The motivation for us to live holy lives will have to be the Gospel. The key to holiness is to understand God’s grace as seen in Christ’s sacrifice. If we understand what Christ did for us on the cross, we will not take advantage of his sacrificial love by sinning more. Rather, as we think about God’s amazing grace extended to wretched people like us who rightfully deserved His wrath, it should make us hate sin and strive to live lives which are pleasing to our Saviour. In short, remembering what Christ did for us on the cross should motivate us to cut sin out of our lives and grow in holiness. We are not on our own in this whole transforming endeavour. The promise is this: ‘He who did not spare his own Son but gave him up for us all, how will he not also with him graciously give us all things [that are necessary for us to become more like his Son]?’ (Romans 8.32)

There are many aspects of our lives which we can grow in holiness. In this series of sermons, we want to focus on three aspects. The first aspect is holiness in speech – speak no evil. The tongue is a very powerful organ. It can be used to build someone up or it can be used to tear someone down. ‘There is one whose rash words are like sword thrusts, but the tongue of the wise brings healing.’ (Proverbs 12.18) You would have experienced what it feels like to be at the receiving end of someone’s thrusting swords or healing balm. As Christians who use our tongues to sing songs of praise whenever we gather for worship, how is it possible that we also use the same organ to curse the motorists who get into our way as we drive off after church? We who use our tongues to pray to God, how is it appropriate that we also use the same organ to tell dirty jokes to one another?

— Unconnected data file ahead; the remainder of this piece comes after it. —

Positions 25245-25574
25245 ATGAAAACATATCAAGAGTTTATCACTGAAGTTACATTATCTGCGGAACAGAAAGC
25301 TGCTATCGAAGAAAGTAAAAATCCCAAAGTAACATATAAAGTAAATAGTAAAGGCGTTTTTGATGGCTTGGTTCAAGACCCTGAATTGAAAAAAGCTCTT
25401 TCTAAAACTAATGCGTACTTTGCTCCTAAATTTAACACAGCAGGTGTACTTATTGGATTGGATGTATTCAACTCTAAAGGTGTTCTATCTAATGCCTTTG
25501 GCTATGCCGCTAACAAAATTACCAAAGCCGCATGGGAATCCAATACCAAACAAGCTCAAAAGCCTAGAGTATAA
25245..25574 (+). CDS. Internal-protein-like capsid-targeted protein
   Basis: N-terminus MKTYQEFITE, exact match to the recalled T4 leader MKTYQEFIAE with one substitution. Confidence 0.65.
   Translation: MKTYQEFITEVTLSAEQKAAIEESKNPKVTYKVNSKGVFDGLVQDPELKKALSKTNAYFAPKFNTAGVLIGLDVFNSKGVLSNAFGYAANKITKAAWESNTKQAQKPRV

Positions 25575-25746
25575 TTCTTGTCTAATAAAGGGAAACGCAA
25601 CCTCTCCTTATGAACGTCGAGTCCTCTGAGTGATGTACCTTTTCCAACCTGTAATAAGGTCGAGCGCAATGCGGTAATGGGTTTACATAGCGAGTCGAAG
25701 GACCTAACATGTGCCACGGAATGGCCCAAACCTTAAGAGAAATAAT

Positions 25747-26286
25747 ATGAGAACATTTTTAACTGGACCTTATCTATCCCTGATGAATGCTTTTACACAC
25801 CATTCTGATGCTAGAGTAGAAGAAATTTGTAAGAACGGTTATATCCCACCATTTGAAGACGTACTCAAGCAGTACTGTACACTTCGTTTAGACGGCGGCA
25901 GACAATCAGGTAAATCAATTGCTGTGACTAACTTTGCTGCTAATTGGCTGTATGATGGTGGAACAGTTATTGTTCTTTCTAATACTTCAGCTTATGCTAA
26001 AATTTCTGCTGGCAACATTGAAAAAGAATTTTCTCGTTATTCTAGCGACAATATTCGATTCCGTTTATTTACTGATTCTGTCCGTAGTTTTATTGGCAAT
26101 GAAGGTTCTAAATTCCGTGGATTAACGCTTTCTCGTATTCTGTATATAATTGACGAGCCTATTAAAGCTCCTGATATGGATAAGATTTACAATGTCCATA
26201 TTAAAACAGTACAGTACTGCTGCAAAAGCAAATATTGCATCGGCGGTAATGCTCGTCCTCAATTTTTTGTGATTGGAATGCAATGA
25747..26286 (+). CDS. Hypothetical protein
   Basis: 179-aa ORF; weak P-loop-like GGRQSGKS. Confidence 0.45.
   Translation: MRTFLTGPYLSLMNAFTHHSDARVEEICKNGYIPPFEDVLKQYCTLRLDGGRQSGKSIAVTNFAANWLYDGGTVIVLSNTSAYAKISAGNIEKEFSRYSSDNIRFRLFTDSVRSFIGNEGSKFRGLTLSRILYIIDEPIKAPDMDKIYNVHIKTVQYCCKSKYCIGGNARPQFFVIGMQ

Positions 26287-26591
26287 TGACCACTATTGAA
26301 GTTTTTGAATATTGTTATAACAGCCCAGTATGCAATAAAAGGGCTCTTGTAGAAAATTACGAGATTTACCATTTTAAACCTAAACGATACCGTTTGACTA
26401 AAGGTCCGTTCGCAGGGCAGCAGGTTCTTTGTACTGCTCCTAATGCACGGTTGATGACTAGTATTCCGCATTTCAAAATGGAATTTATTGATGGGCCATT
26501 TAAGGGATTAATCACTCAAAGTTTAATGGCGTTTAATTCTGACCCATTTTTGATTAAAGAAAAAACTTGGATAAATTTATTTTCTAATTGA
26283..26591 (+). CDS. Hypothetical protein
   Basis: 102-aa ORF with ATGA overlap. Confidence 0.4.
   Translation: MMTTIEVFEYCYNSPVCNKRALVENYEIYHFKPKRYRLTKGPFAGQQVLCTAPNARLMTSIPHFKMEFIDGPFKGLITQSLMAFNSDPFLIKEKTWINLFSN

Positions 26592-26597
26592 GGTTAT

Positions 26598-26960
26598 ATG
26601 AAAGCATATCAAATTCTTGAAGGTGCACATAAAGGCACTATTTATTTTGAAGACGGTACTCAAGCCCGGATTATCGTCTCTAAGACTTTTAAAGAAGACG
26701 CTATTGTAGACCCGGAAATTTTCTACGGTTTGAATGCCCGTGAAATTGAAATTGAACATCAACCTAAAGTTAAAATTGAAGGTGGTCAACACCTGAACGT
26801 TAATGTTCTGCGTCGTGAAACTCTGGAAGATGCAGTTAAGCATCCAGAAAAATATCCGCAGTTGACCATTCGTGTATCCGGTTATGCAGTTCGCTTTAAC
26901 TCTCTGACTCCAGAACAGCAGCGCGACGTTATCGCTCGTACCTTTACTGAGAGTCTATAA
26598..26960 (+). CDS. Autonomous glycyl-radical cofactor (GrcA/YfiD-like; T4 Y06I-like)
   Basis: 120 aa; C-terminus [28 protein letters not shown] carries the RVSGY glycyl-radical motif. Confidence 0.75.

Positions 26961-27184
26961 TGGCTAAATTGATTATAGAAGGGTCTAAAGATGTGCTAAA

The second aspect is holiness in what our eyes feast on – see no evil. Pornography is easily accessible because of the Internet. It constitutes 25% of all search engine requests and it is the 4th most common reason people give for going to the Internet. However, it has destroyed many people and marriages. It victimises women, children, society, and those who use it. The rate of sex-related crime rises wherever porn is widespread. Christians are not immune to porn, young and old, single and married, men and women – we are all susceptible to the lust of the eye. Do you feel frustrated, guilty or even defeated because it is something which you know it’s wrong but you don’t seem to be able to fight it off?